An analogy is ‘a similarity between like features of two things, on which a comparison may be based’ , while a metaphor is ‘a figure of speech in which a term or phrase is applied to something to which it is not literally applicable in order to suggest a resemblance’ . In short, an analogy is a comparison of two similar things, whereas a metaphor implies a meaning that is not literal. Here is an example of each based upon the same subject.
“That test was as difficult as plaiting water.”
“That test was murder.”
Both examples are intended to have a similar meaning, with the intention of conveying the difficulty of the test. The first provides a comparison of the difficulty level, while the second just implies that the test was horrific.
In addition to the analogy identified above, there have already been two other analogies included within this blog post. Did you spot them? It was not intended that either of them be hidden or disguised, but used in the right context, they can provide a familiar explanation that aids understanding and increases acceptance.
The first, ‘putting up barriers’ is a common phrase that is used when individuals look to defend themselves, their property and/or their way of working. A physical barrier can help to stop or slow progress, for example, the Thames Barrier is used to protect and defend London from flooding from high tides and storm surges. It is unlikely that individuals will start to build physical barriers around themselves within an office environment, however, they may begin to exhibit obstructive behaviours whereby they put down an idea before even giving it a try or, their efforts at trying something new are half-hearted and potentially disruptive.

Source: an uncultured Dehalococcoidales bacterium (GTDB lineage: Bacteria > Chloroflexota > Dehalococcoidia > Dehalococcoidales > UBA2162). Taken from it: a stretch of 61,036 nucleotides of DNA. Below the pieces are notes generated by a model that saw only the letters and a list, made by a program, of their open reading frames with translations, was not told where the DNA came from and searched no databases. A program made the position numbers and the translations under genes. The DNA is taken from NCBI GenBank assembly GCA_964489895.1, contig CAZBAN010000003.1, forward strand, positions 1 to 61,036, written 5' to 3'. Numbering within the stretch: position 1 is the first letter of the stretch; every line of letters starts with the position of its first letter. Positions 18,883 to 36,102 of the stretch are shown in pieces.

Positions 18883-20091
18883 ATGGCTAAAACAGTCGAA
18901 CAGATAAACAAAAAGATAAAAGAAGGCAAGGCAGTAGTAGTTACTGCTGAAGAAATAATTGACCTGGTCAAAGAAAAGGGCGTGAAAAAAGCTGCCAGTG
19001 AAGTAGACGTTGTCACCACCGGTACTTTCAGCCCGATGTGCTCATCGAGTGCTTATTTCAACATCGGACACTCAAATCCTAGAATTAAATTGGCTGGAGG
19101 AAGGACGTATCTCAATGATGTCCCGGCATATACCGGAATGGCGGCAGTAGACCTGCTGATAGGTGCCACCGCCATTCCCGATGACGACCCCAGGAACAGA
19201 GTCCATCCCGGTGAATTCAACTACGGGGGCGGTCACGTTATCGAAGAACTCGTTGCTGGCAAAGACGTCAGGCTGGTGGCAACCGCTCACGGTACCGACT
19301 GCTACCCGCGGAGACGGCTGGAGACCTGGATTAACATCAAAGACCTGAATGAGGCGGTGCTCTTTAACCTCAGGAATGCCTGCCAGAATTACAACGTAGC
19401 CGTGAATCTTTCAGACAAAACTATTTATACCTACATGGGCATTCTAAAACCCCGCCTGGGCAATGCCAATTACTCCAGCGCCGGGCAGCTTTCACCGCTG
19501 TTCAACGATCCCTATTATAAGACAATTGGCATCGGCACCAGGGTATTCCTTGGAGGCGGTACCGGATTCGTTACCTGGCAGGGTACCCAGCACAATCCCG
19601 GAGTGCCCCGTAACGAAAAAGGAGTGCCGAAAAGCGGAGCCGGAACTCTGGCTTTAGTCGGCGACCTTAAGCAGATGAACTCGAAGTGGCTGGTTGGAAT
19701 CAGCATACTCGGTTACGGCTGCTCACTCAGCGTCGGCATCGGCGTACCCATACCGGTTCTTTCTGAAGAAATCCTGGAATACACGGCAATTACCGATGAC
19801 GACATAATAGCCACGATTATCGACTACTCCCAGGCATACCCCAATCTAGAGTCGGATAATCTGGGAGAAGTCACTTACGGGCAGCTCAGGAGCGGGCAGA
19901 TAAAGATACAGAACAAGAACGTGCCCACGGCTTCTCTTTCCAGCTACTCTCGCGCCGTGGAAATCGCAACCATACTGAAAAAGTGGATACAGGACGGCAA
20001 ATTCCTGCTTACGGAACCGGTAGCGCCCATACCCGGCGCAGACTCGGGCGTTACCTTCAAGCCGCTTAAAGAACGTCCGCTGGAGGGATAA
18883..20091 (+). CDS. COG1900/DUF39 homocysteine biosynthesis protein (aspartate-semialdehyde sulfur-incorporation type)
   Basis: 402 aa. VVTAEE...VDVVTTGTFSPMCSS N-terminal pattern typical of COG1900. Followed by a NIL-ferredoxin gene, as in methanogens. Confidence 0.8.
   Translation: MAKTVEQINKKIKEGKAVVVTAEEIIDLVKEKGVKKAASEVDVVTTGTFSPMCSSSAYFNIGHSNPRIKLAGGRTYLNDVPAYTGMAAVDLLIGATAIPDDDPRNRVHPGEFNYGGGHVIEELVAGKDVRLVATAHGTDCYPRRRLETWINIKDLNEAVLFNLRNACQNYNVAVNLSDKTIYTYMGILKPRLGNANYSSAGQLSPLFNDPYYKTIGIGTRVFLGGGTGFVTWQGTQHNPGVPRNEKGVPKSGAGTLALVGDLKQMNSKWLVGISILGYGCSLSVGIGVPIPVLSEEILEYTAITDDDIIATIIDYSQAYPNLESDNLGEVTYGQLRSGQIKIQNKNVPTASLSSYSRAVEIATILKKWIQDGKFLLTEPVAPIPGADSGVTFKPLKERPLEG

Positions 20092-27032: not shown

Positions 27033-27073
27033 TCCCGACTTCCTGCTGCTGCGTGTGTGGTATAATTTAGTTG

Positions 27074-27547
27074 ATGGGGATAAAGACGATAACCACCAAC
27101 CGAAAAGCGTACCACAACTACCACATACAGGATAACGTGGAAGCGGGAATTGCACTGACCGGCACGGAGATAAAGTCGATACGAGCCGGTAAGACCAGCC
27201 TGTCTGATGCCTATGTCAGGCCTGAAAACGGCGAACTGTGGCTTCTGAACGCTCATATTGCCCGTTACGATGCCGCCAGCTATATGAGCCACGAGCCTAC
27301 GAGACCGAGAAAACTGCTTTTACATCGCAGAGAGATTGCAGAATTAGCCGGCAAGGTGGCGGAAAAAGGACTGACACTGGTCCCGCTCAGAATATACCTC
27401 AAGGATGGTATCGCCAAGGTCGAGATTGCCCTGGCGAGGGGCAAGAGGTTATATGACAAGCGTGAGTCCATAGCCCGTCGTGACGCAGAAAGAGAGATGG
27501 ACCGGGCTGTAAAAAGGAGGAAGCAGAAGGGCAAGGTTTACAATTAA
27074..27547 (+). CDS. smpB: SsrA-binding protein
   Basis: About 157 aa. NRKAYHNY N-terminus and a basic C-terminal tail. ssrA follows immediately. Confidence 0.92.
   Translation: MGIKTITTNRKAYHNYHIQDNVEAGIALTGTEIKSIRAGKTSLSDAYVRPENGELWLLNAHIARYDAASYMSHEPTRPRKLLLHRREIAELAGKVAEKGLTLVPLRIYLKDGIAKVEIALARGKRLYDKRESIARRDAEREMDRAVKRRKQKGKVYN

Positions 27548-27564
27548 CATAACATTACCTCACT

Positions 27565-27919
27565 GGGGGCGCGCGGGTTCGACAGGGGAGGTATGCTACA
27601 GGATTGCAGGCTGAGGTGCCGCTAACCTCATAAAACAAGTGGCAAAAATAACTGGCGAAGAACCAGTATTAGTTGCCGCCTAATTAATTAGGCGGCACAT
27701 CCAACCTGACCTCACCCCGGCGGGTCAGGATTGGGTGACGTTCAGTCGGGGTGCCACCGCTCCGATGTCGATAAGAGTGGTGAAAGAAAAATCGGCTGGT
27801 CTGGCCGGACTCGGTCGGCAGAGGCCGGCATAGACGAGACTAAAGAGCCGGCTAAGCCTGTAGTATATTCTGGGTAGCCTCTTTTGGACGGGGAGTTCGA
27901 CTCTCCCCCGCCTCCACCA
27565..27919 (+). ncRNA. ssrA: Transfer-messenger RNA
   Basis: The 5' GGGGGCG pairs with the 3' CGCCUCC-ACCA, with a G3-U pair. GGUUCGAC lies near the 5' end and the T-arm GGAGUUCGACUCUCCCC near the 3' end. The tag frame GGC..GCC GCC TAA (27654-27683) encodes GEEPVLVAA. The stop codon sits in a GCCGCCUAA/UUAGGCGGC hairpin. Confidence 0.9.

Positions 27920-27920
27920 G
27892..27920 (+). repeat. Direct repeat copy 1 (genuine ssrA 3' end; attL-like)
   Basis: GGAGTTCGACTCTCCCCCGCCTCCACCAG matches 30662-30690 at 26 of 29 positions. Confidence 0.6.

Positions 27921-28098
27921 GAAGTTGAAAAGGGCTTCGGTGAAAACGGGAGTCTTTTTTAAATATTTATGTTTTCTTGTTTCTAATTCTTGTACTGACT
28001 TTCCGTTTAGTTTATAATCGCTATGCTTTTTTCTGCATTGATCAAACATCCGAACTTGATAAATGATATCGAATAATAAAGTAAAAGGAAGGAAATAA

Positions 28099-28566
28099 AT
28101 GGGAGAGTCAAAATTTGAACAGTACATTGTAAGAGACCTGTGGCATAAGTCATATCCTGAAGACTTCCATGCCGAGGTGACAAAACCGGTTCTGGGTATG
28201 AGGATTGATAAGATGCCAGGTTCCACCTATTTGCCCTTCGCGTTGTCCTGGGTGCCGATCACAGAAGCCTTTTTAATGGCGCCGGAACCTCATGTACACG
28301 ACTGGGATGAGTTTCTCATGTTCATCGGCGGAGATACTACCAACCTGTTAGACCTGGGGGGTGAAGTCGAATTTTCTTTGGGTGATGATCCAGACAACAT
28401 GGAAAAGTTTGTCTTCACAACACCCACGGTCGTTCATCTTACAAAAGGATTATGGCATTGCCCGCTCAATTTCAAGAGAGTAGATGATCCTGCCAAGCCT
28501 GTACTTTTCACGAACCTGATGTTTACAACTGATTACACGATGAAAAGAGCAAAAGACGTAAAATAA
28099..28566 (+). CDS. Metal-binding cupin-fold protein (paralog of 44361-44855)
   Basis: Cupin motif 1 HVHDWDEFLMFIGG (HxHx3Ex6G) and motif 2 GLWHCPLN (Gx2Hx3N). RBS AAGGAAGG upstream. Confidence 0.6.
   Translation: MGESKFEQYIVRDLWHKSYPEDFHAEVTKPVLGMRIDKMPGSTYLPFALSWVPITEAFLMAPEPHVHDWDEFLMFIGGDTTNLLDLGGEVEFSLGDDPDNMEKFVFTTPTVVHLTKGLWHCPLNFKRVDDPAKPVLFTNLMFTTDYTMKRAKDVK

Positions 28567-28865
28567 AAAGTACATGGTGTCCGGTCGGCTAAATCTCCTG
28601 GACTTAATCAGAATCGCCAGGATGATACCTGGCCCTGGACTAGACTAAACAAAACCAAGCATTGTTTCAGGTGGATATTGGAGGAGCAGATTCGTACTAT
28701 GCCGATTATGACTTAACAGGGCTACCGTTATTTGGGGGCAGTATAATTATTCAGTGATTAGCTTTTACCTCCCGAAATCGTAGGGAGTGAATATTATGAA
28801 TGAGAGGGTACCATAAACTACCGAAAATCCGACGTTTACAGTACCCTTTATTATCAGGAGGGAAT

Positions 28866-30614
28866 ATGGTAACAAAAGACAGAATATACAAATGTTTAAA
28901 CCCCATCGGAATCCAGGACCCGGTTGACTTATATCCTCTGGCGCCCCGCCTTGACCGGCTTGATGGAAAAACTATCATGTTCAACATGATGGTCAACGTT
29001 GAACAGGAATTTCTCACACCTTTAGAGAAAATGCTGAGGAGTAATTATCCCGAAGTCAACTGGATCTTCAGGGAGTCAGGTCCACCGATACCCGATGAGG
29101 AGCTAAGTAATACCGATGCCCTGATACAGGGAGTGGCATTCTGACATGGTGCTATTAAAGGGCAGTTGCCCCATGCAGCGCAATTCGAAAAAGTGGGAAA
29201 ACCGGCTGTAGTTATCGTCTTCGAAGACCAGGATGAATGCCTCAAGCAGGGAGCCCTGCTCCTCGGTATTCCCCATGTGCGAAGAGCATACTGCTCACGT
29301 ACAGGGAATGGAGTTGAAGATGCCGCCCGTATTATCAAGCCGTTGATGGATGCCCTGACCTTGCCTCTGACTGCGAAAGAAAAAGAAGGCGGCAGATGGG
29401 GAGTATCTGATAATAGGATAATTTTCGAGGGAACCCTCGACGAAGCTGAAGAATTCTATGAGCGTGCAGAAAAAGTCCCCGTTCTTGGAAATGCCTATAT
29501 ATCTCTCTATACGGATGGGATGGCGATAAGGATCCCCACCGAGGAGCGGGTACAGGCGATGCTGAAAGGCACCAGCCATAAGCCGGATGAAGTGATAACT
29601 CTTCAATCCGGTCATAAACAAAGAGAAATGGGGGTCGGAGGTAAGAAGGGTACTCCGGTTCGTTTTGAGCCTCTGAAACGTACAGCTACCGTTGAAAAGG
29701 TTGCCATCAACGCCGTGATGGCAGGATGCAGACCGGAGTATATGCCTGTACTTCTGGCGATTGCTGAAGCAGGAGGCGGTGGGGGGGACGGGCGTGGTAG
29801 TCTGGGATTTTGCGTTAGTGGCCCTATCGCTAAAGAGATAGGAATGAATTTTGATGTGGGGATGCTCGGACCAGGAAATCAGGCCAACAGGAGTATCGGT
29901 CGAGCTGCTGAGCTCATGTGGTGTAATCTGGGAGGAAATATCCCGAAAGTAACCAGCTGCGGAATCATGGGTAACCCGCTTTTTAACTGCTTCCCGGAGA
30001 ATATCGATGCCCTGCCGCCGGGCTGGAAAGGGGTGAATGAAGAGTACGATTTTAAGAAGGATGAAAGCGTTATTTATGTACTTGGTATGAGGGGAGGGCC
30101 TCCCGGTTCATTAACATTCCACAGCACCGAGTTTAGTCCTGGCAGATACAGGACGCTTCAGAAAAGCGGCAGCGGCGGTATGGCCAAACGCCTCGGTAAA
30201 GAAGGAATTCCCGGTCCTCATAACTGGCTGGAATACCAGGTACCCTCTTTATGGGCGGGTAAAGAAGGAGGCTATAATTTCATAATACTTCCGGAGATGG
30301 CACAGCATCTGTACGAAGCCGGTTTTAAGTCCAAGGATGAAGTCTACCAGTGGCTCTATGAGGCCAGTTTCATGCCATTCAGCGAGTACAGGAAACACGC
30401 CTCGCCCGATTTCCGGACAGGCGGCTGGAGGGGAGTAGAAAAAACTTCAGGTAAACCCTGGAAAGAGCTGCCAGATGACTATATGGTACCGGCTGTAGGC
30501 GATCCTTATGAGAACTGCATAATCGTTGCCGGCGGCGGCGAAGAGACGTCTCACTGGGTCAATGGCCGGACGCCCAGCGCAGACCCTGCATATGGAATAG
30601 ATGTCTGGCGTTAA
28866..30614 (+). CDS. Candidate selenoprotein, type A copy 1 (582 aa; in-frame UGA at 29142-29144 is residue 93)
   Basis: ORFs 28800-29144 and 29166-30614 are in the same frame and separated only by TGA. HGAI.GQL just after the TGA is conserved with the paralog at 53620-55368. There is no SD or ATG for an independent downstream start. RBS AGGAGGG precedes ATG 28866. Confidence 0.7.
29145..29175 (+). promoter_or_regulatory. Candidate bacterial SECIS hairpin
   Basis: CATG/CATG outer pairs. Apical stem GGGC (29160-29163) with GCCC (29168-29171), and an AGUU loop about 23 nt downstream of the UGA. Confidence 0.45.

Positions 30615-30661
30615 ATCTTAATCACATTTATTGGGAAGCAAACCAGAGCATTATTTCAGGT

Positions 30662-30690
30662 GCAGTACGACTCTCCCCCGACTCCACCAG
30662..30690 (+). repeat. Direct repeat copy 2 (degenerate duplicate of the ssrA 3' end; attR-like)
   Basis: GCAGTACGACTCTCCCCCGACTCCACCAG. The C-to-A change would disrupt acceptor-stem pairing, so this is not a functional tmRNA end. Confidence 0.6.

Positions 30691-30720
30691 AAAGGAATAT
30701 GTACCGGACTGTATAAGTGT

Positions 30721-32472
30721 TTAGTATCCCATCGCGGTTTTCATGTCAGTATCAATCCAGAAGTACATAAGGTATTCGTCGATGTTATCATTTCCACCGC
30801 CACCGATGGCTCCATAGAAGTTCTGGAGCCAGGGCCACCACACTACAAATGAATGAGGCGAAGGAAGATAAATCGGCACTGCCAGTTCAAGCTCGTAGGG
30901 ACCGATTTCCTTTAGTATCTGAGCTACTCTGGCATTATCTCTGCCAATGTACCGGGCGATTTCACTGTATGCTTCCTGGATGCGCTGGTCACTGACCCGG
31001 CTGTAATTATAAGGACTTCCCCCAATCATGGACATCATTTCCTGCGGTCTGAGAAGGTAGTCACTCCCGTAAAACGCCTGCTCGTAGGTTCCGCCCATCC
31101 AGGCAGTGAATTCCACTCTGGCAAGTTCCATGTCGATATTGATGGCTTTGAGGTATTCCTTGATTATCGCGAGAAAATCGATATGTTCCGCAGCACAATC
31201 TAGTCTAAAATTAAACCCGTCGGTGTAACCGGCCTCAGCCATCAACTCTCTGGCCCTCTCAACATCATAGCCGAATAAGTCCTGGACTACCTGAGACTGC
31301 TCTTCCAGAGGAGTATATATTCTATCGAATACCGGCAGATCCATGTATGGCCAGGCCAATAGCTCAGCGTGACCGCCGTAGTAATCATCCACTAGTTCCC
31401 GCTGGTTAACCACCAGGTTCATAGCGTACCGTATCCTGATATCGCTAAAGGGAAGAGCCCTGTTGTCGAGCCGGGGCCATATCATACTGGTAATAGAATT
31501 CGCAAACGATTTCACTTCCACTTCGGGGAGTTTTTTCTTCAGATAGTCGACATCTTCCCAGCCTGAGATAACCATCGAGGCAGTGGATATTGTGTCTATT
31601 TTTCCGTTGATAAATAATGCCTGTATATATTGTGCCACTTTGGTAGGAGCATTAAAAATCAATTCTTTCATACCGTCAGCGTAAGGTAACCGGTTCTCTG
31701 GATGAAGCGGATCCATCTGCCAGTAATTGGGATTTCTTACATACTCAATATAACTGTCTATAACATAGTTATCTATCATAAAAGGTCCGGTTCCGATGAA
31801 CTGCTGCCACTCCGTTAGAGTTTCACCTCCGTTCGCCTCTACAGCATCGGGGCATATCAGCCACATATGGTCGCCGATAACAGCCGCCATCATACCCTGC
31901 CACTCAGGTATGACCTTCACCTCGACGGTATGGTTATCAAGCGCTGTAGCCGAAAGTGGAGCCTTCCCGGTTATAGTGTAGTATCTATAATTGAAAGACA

The second, ‘get everyone on the bus’ highlights the fact that helping an organisation adopt an agile way of working is not just a case of walking in the door, reciting the Scrum Guide telling people to ‘do as I say’. Those that are closely affected by the transition need to understand that they will be going on a journey. Underlying this analogy is a further paradigm. Very few bus routes are linear and go directly from A to B, with many having lots of twists and turns. This aligns with the fact that things may not work right first time, and that is ok. Failure provides individuals, the team and organisation the opportunity to learn and pivot in order to head back in the right direction.
Using an analogy can often help people make sense of the change being discussed, with the analogy making the unfamiliar familiar. The more similarities/commonalities individuals can find, the more readily they will accept the new idea or concept being introduced. Both Apple and Amazon have used this approach when establishing new products/services to the marketplace.